Reconfigurable Radio Systems (RRS), based on technologies such as Software Defined Radio (SDR) and Mobile Ad-hoc Networks (MANETs) offer considerable advantages for military operations, such as increased network survivability and interoperability. The RRS-based Common Tactical Radio System (GTRS), currently in development by the Swedish Armed Forces, is designed for use in diverse geographical settings and for purposes varying from international combat missions to national contingency operations. However, protecting these networks from attacks and safeguarding the carried information against leaks is an ongoing research challenge, especially in combined scenarios where tactical data may flow across organizational boundaries. This paper presents a best-effort approach to Data Leakage Prevention (DLP) for inter-organizational RRS-based networks. The proposed architecture makes use of data mining techniques and an efficient n-dimensional clustering algorithm which has previously been successfully used for real-time anomaly detection in critical infrastructure protection. The DLP architecture is developed as an extension to the GTRS system, modeled and simulated in OPNET™ Modeler. Our results show that common data leaks can be efficiently identified by the proposed scheme, while keeping the important false positive rate at a very low level.

  • 19.
    Silfverskiöld, Stefan
    et al.
    Försvarshögskolan, Militärvetenskapliga institutionen (MVI), Militärtekniska avdelningen (MTA).
    Andersson, Kent
    Försvarshögskolan, Militärvetenskapliga institutionen (MVI), Militärtekniska avdelningen (MTA).
    Hult, Gunnar
    Försvarshögskolan, Militärvetenskapliga institutionen (MVI), Militärtekniska avdelningen (MTA).
    Sivertun, Åke
    Försvarshögskolan, Militärvetenskapliga institutionen (MVI), Militärtekniska avdelningen (MTA).
    Bull, Peter
    Försvarshögskolan, Militärvetenskapliga institutionen (MVI), Militärtekniska avdelningen (MTA).
    Jensen, Eva
    Försvarshögskolan, Militärvetenskapliga institutionen (MVI), Militärtekniska avdelningen (MTA).
    Reberg, Michael
    Försvarshögskolan, Militärvetenskapliga institutionen (MVI), Militärtekniska avdelningen (MTA).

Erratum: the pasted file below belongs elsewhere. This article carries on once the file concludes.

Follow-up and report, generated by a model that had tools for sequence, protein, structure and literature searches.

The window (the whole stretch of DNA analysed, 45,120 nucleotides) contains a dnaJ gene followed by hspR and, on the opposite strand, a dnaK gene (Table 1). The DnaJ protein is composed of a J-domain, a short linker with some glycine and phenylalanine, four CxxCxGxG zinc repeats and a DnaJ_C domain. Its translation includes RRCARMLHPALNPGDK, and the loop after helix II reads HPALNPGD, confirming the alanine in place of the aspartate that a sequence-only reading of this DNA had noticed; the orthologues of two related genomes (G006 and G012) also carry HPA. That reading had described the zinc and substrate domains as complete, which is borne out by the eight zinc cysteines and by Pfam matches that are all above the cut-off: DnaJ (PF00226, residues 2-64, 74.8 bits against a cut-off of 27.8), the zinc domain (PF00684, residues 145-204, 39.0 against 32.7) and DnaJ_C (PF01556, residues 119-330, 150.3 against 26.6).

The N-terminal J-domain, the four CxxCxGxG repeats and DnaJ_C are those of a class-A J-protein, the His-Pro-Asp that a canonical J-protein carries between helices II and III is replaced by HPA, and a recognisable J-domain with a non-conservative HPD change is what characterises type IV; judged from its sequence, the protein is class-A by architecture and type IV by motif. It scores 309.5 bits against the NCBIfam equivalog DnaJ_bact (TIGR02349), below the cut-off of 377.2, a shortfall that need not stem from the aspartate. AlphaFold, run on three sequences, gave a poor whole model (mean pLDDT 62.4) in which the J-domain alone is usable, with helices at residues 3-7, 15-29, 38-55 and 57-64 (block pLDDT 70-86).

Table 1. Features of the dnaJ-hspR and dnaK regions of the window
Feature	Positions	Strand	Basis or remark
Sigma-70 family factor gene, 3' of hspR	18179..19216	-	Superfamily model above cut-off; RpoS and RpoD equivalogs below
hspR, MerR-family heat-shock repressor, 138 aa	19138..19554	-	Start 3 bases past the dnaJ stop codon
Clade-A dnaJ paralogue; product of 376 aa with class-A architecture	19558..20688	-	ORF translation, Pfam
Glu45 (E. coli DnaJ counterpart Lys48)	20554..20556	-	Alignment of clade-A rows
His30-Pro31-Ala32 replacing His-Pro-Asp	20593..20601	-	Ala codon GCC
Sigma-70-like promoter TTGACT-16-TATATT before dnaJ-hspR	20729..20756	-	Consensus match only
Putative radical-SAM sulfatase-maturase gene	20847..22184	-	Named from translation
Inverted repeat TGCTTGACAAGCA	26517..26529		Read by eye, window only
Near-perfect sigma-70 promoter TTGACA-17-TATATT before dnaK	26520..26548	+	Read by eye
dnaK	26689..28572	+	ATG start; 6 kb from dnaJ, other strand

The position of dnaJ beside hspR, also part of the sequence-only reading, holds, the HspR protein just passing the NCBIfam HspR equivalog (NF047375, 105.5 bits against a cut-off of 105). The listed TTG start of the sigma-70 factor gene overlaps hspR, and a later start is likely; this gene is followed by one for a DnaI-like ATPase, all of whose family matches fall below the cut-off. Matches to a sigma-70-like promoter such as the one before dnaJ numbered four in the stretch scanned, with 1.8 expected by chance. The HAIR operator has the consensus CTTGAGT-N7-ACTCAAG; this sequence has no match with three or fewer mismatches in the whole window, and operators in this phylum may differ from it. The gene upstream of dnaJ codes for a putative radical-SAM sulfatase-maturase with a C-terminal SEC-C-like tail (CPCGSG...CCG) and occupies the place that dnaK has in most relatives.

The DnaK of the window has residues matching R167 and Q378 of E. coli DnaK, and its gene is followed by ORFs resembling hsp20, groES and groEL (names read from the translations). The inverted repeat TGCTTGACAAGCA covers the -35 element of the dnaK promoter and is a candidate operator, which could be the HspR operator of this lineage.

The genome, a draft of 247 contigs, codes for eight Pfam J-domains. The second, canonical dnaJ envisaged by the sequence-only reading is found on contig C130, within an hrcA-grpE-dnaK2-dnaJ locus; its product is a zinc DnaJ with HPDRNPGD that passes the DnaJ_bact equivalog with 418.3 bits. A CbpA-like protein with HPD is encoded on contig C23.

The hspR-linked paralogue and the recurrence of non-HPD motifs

Biverot, Erik
    Försvarshögskolan, Militärvetenskapliga institutionen (MVI), Militärtekniska avdelningen (MTA).
    Löfgren, Lars
    Försvarshögskolan, Militärvetenskapliga institutionen (MVI), Militärtekniska avdelningen (MTA).
    Persson, Björn
    Försvarshögskolan, Militärvetenskapliga institutionen (MVI), Militärtekniska avdelningen (MTA).
    Sigholm, Johan
    Försvarshögskolan, Militärvetenskapliga institutionen (MVI), Militärtekniska avdelningen (MTA).
    Sturesson, Peter
    Försvarshögskolan, Militärvetenskapliga institutionen (MVI), Militärtekniska avdelningen (MTA).
    Technology Forecast 2013 Military Utility of Six Technologies: a Report from Seminars at the SNDC Department of Military-Technology2013Rapport (Annet vitenskapelig)
    Abstract [en]

    Four technology forecast reports from the Fraunhofer Institute and two internet based search reports from Recorded Future have been reviewed by staff at the Department of Military- Technology at the Swedish National Defence College (Note that there probably are other technology areas, equally interesting, but not included in this study). The task given by FMV was to assess the military utility of the chosen technologies in a time frame from 2025 to 2030, from a SwAF viewpoint.

    We assess the military utility of a certain technology, as its contribution to the operational capabilities of the SwAF, within identified relevant scenarios.

    The technologies were grouped in three classes; technologies with potentially significant, uncertain or negligible military utility.

    The following technologies were assessed to have a potential for significant military utility;

    • Alternative fuels
    • High altitude platforms
    • Unmanned Aerial Vehicles
    • Cyber Defence
    • The forecasting and analysis technology described in the report "Future of Cyber Threats" if the tool is combined with advanced artificial intelligence algorithms

    The following technology was assessed to have uncertain military utility;